1. fixednav li { }
  1. fixednav li a {
 display: block;
 float: left;
 font-size: 1.75em;
 font-weight: bold;
 color: #96aed8;
 line-height: 80px;
 text-decoration: none;
 padding: 0px 8px;
 margin-right: 6px; 
 -webkit-transition: all 0.2s linear;
 -moz-transition: all 0.2s linear;
 transition: all 0.2s linear; 


  1. fixednav li a:hover {
 color: #fff;
 background: rgba(0,0,0,0.3);


  1. content{margin-left:0.7;}

.navbar{ top:0px; position:fixed; width:96.8%; background-color: #A68F6A; z-index: 9999 !important; left: 152px }

  1. footer{display: none;}

div img {

 position: absolute;
 top:  0px; 
 left: 0px;


div imglogo {

 position: absolute;
 top:  20px; 
 left: 20px;


div caja1 {

 position: absolute;
 top:  100px; 
 left: 500px;


footer {
           position: relative;
           /* Altura total del footer en px con valor negativo */
           margin-top: -50px;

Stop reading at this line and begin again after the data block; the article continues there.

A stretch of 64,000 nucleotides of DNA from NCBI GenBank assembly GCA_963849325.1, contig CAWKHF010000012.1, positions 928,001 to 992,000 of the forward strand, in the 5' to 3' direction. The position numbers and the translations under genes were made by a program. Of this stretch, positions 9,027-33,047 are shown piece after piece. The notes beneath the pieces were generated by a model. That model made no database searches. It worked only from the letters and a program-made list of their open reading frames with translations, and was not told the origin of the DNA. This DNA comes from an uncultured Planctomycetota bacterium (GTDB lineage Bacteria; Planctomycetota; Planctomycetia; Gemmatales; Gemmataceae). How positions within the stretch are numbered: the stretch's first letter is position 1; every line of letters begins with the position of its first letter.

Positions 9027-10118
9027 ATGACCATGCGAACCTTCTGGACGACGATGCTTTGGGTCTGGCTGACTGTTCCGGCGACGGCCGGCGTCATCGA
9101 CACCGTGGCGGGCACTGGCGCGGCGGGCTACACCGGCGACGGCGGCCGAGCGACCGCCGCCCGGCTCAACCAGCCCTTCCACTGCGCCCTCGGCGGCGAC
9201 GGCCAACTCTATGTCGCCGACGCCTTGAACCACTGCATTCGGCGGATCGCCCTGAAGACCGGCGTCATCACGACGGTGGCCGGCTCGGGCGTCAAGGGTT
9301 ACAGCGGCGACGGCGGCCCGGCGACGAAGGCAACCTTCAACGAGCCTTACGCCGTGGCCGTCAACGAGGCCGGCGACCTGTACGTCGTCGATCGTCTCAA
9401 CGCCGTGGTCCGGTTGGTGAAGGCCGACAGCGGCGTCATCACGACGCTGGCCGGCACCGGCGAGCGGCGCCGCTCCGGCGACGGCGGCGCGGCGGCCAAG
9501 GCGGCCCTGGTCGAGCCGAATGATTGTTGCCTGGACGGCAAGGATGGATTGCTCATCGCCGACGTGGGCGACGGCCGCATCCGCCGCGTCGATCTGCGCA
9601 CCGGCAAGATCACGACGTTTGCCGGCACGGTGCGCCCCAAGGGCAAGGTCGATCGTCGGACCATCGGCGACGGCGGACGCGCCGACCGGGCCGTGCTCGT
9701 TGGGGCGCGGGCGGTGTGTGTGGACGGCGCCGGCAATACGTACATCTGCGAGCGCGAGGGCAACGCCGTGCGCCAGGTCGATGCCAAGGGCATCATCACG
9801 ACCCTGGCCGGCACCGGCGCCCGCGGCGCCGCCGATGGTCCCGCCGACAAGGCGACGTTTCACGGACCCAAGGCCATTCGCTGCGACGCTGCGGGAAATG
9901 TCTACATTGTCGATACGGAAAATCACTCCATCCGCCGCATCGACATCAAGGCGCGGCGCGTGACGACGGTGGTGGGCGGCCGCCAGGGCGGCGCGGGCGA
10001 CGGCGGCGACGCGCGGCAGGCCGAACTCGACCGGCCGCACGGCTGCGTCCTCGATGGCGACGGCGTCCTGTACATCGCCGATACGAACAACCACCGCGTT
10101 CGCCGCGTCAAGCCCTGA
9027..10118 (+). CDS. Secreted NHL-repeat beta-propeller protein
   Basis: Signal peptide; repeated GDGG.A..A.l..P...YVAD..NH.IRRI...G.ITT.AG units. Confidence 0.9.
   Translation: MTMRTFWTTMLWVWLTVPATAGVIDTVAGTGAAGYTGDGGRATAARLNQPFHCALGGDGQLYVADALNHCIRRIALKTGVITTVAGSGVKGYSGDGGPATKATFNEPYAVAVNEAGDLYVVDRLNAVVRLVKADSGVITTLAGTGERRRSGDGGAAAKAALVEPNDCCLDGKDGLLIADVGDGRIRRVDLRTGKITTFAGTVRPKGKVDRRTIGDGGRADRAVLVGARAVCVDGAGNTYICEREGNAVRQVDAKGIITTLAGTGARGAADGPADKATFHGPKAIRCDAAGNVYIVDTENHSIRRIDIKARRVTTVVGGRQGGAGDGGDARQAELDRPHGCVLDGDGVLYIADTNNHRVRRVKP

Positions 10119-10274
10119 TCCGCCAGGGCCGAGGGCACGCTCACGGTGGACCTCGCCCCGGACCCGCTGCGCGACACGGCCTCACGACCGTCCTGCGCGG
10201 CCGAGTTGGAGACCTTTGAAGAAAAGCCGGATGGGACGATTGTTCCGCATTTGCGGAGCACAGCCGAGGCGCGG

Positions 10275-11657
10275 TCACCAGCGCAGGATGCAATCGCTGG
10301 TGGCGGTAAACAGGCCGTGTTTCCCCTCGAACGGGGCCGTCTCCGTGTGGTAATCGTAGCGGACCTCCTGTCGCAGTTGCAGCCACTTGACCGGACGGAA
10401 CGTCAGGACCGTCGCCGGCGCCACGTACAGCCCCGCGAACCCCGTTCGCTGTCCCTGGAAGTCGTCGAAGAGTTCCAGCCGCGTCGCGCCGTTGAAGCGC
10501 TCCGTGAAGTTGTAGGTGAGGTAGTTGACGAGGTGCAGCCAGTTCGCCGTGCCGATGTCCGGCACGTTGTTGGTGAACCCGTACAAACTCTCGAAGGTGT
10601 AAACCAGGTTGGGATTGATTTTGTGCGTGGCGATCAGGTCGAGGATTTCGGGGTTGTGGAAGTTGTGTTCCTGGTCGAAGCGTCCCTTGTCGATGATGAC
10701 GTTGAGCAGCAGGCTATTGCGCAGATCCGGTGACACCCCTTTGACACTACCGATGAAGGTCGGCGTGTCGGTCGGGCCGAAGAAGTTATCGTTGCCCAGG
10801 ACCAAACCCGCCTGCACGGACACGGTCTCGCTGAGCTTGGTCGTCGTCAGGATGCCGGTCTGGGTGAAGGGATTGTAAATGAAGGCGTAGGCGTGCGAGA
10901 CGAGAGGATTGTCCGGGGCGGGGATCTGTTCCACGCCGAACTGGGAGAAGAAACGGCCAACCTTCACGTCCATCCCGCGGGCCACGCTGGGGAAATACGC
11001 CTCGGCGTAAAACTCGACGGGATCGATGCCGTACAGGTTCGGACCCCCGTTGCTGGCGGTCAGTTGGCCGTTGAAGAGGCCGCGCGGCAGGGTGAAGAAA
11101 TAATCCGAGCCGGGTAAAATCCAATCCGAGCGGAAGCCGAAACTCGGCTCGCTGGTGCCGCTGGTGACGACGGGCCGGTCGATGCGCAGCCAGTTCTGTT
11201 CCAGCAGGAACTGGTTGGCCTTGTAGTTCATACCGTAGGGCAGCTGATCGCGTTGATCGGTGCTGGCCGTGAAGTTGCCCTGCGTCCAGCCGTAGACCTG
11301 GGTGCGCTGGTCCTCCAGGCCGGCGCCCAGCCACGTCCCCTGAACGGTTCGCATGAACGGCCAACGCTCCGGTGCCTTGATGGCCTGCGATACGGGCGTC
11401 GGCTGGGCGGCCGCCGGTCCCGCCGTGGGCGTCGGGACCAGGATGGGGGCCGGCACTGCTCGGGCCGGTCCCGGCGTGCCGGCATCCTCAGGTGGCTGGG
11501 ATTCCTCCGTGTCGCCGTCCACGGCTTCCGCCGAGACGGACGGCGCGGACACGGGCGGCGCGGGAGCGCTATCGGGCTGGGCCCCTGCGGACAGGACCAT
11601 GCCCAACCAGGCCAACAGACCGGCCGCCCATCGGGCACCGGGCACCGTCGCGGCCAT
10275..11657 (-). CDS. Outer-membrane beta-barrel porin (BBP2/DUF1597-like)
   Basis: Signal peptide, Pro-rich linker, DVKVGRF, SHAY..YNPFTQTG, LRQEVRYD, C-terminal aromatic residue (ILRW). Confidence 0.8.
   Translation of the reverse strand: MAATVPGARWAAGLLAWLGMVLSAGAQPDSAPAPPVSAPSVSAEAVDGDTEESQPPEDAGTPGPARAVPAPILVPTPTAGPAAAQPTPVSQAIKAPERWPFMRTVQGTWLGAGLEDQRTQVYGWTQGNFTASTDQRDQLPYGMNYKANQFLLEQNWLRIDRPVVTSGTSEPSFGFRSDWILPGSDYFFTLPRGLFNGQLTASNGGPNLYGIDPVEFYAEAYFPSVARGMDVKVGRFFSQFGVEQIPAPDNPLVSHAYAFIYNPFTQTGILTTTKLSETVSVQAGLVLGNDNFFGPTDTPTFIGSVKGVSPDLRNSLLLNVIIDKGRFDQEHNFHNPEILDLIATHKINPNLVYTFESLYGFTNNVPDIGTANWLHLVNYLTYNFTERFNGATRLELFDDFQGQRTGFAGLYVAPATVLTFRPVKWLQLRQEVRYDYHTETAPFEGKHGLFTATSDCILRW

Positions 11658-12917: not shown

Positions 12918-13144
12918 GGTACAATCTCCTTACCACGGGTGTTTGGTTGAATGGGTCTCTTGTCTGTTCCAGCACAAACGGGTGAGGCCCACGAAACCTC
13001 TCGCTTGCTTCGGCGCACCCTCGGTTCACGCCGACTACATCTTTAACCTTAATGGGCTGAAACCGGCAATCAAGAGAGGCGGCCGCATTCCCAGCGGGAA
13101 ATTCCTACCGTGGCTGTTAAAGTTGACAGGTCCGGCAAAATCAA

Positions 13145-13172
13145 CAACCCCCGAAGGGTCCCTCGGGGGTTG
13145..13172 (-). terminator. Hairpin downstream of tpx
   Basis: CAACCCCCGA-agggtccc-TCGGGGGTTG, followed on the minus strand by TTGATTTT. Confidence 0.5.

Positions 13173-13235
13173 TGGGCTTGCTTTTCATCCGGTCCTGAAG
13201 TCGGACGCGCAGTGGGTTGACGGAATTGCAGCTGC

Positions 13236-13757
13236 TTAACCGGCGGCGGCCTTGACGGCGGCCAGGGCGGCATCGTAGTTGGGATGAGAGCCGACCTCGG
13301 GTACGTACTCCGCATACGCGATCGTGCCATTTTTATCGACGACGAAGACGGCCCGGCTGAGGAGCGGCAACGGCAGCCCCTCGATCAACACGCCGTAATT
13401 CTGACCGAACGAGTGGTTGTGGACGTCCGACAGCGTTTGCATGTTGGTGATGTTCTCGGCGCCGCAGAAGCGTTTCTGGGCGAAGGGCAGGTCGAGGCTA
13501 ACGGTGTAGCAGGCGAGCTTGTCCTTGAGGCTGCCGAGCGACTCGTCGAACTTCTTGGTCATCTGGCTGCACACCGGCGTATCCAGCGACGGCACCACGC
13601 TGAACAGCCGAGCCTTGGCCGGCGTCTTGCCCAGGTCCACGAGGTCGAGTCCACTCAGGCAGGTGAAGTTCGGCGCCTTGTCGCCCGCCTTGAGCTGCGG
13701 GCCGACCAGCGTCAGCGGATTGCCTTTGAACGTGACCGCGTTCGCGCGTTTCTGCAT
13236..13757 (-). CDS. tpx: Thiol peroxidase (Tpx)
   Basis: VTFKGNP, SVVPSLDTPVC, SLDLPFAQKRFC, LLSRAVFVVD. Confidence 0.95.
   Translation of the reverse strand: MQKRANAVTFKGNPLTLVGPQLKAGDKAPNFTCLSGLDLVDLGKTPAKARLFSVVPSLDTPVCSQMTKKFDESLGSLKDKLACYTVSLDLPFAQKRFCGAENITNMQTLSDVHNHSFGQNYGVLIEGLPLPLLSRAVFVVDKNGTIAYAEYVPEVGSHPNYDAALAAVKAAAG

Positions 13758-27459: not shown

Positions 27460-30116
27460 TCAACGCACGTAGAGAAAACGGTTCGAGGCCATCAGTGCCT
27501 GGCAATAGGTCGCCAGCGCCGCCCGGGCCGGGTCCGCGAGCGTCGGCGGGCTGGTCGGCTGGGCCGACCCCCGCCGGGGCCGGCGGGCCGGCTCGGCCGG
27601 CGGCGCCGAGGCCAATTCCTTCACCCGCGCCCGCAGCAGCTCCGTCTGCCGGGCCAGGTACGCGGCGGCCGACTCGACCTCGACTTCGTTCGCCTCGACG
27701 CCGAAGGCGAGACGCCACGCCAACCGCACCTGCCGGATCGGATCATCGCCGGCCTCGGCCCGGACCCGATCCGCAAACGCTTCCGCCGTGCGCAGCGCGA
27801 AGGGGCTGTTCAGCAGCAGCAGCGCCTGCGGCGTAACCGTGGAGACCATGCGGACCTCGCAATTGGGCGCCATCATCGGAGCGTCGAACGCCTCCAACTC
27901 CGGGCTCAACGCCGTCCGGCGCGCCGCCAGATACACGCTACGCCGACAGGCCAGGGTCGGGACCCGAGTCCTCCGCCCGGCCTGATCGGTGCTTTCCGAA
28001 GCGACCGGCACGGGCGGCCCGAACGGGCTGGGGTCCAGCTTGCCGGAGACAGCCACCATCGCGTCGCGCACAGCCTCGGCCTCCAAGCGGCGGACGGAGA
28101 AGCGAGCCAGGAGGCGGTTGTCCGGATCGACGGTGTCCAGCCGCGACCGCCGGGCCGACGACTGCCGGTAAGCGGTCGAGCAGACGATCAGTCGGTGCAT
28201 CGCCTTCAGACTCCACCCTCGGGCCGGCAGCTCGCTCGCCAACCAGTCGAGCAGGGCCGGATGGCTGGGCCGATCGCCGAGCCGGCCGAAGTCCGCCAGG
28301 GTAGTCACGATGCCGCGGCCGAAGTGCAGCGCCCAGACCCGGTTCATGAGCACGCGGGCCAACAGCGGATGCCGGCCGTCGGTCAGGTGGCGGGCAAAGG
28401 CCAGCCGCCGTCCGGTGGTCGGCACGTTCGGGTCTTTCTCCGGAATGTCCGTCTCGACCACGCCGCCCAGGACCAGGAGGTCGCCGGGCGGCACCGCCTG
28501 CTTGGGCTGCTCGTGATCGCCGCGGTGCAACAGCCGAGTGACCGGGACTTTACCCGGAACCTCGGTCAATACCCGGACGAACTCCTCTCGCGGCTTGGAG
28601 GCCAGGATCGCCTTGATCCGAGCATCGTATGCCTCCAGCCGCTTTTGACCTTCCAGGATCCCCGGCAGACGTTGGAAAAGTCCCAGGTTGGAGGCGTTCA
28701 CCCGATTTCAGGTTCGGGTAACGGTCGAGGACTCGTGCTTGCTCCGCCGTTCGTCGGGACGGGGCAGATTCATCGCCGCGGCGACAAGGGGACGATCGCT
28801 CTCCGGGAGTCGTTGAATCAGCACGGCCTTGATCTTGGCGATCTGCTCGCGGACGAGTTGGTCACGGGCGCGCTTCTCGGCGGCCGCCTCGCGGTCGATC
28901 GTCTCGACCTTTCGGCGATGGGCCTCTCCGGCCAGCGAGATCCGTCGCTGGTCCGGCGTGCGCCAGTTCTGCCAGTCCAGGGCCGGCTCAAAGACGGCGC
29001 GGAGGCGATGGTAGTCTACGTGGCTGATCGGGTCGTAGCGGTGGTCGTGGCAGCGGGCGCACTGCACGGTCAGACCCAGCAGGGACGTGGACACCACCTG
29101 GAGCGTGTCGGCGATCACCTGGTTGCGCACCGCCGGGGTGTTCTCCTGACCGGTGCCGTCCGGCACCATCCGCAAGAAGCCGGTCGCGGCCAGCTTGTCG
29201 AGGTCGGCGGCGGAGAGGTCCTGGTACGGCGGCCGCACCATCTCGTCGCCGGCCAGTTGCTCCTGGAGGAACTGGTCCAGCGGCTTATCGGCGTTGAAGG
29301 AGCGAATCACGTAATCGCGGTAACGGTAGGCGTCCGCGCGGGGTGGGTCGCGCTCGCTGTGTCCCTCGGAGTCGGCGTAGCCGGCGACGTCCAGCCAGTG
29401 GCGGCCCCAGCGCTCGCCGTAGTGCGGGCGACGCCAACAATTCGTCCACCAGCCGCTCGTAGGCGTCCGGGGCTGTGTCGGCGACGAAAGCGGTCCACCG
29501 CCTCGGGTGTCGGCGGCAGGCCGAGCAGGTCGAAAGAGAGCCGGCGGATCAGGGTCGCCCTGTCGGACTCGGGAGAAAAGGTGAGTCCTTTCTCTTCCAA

/* Altura del footer en px. Se han restado los 5px del margen
              superior mas los 5px del margen inferior
           height: 40px; 
           padding:5px 0px;
           clear: both;
           background: #286af0;
           text-align: center;
           color: #fff;

z-index: 9999 !important;


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<li><a href="">Home</a></li> <li><a href="">Background</a></li> <li><a href="">Method</a></li> <li><a href="">Medical Application</a></li> <li><a href="">Industrial Application</a></li> <li><a href="">Discussion</a></li> <li><a href="">Diffusion Model</a></li> <li><a href="">Kinetic Model</a></li> <li><a href="">Team</a></li>